A binaural recording system re-creates the way a person actually hears by placing 2 microphones at a distance of about 7" (roughly the distance between your ears), usually mounted on a dummy head or worn on the human recorder’s head. When played back on headphones, the binaural stereoeffect is preserved and is often quite remarkable in its realism. With some easy modifications, a pair of headphones can be turned into a binaural microphone with readily available materials and cheap parts. Better yet, I’ll show you how to make your own binaural mic, disguised as earbuds. In today’s iPod-saturated urban environment, no one ever notices someone wearing headphones. This makes earbuds an ideal prop for covering a hidden mic that’s plugged into a recording device, for various stealthy endeavors.

Project Steps

Wire the binaural mic elements.

Cut two 3′ lengths of wrap wire in each of 2 colors. Solder these to the first microphone element’s 2 contacts.

Slide a couple inches of heat-shrink tubing over each connection, and heat it with a lighter. This will secure the connections. We want them to be as stationary as possible, as movement of these wires will create noise on the line.

Twist the 2 wires together, but not too tightly. Slip on another piece of heat-shrink, this time over both wires. Slide it up to about 2″ from the mic element, then shrink it.

Repeat the same process with the second mic element. About 10″ from the mic elements, slip another piece of heat-shrink tube over to combine all 4 wires. Keep track of which pair goes to which mic.

Wire the stereo plug.

Open the stereo plug, and slide the cover over the 4 wires. Here’s the trickiest part: in order to have the correct stereo image, the wires on 1 of the 2 mic elements should be reversed. So, for one mic element, the red goes to a plug terminal, and the blue to the plug’s ground; on the other mic element, the blue goes to the second plug terminal and the red goes to the ground.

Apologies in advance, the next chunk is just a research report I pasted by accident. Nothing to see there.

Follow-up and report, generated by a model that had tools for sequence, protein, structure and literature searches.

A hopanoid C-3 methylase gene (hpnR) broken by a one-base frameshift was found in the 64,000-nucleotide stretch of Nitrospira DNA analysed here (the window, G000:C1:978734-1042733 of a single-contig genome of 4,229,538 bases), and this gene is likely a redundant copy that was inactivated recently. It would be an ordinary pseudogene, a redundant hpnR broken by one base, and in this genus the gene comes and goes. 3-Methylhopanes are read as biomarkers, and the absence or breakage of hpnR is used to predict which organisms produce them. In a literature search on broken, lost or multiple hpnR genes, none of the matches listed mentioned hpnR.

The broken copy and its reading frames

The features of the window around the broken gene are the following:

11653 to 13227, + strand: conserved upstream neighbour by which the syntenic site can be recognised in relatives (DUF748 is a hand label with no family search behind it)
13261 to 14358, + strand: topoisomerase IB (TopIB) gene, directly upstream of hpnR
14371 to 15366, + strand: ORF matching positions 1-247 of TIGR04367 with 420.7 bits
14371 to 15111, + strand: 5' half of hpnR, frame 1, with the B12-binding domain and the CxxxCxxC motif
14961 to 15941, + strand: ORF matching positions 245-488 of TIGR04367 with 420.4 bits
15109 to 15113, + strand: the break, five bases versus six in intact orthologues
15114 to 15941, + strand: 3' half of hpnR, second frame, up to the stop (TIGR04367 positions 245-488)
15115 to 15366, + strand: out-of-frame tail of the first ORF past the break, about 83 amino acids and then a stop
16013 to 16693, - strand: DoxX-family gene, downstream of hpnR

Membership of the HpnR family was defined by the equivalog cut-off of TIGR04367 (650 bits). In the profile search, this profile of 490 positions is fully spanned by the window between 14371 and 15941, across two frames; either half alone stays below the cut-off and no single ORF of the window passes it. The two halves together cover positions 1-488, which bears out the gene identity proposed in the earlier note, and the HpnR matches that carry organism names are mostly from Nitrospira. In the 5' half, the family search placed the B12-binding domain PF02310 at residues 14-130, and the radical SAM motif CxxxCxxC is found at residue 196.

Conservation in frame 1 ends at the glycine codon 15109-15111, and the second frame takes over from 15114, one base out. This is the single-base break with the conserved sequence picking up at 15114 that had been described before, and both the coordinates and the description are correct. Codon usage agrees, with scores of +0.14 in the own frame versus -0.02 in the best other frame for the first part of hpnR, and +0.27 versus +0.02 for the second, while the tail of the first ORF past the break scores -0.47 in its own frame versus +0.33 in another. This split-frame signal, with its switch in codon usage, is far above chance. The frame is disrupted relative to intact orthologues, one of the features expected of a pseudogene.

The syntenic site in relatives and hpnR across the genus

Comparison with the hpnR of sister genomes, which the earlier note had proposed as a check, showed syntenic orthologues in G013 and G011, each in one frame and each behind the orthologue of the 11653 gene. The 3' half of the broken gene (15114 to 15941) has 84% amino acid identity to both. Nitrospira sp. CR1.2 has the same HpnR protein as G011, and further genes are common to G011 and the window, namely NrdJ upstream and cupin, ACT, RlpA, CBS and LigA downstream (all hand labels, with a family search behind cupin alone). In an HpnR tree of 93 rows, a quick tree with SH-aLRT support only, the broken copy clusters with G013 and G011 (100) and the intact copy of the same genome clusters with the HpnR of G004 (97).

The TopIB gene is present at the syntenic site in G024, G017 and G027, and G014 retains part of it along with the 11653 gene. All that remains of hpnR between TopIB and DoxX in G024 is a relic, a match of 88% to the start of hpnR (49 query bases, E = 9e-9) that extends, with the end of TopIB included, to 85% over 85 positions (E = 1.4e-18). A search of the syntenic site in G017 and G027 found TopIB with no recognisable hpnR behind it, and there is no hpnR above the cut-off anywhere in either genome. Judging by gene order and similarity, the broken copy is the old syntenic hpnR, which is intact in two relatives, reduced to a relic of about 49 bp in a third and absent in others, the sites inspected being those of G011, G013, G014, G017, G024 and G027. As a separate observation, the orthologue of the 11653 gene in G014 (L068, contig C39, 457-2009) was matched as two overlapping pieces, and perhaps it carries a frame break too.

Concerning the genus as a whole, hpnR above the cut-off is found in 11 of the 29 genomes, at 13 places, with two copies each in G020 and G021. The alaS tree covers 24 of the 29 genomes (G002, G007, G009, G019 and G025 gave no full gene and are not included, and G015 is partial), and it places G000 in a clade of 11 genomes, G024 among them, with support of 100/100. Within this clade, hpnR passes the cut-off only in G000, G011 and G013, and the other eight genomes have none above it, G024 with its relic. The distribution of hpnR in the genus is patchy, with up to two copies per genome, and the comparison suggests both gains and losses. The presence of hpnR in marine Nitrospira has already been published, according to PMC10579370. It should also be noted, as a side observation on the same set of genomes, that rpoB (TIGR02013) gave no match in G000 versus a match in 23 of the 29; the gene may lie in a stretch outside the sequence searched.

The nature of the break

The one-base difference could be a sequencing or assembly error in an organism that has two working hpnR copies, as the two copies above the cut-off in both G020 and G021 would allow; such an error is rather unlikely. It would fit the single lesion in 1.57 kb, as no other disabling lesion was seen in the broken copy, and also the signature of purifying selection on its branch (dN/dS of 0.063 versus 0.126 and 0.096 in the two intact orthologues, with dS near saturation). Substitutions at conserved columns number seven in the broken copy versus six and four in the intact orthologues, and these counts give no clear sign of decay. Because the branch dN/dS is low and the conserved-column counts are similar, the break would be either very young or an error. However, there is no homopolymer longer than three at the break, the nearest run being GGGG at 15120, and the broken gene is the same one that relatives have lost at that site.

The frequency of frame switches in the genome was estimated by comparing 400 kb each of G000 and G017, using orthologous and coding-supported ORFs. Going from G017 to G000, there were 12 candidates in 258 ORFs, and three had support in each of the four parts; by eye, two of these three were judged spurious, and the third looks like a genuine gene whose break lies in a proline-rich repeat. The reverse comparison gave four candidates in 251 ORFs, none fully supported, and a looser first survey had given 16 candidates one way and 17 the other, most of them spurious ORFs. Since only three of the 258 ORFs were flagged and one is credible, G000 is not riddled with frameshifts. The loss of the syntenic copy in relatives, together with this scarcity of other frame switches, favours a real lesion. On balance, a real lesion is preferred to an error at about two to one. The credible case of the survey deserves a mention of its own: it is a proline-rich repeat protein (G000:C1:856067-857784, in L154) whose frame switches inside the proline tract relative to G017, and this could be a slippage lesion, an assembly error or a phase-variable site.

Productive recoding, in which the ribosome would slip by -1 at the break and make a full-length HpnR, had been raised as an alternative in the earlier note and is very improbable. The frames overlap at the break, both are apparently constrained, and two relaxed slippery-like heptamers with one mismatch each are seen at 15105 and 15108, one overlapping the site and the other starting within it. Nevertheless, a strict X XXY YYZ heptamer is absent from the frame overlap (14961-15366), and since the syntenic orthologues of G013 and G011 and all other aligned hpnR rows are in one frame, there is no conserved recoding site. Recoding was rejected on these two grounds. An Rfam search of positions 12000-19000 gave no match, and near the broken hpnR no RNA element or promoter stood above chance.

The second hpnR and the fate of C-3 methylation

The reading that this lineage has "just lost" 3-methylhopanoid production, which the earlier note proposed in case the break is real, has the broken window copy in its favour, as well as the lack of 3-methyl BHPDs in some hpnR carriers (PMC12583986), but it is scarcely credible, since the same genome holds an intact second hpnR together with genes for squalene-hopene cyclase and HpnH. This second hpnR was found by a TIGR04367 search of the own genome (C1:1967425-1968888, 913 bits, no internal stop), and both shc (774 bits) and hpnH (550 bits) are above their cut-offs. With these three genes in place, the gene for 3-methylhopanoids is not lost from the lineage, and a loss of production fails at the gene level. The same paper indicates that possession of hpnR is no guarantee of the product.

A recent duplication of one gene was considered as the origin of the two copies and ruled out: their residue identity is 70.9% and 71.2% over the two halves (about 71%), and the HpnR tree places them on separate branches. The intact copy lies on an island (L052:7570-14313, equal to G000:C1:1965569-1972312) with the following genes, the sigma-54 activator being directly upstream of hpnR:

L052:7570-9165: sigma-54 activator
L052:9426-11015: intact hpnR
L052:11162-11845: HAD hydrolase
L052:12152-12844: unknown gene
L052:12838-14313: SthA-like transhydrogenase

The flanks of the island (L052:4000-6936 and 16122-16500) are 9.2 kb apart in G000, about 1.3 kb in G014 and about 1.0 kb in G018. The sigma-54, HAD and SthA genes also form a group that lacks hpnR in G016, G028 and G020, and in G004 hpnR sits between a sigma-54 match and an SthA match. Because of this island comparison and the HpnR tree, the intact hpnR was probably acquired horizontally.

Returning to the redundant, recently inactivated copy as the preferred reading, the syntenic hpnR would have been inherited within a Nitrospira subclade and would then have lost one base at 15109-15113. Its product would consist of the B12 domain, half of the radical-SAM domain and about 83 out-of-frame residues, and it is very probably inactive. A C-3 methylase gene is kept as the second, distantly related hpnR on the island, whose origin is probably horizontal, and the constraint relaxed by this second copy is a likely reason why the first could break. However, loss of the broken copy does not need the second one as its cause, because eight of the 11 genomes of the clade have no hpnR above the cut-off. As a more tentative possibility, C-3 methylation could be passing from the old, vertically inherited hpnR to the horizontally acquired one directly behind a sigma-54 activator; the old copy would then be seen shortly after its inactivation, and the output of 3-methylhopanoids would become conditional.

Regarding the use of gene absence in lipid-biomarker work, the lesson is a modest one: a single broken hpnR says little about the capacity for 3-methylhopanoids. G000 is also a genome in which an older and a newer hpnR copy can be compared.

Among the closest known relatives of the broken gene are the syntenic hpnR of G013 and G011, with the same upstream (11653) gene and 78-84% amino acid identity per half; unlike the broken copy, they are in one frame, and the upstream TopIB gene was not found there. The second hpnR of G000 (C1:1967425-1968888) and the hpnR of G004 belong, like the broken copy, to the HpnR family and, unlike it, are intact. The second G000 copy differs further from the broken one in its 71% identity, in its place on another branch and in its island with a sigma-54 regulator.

Solder these connections, then screw the cover back on the plug.

Disguise the mics as earbuds.

Fasten the earbud cushions over the mic elements so that they’re large enough to sit comfortably in your ears. That’s it, you’re done.


To hear exactly what’s being recorded, some folks will actually use a mannequin’s head to hold the binaural mic, and will hold the head in their hands while wearing a pair of normal headphones to monitor the sounds. Working this way creates the amazing effect of listening to a binaural recording as it happens, but keep in mind that if you walk around holding a dummy head out in front of you, you may attract attention (in fact, I think you’d get arrested in some places).

With these stealth binaural mic headphones, as long as you’re in a situation in which it’s socially acceptable to be wearing headphones, you can record away, knowing that what you hear will be very close to what you play back later.

For a schematic diagram and list of recordings, go to http://www.makezine.com/17/diycircuits_m….


This project originally appeared in MAKE Magazine Volume 17.

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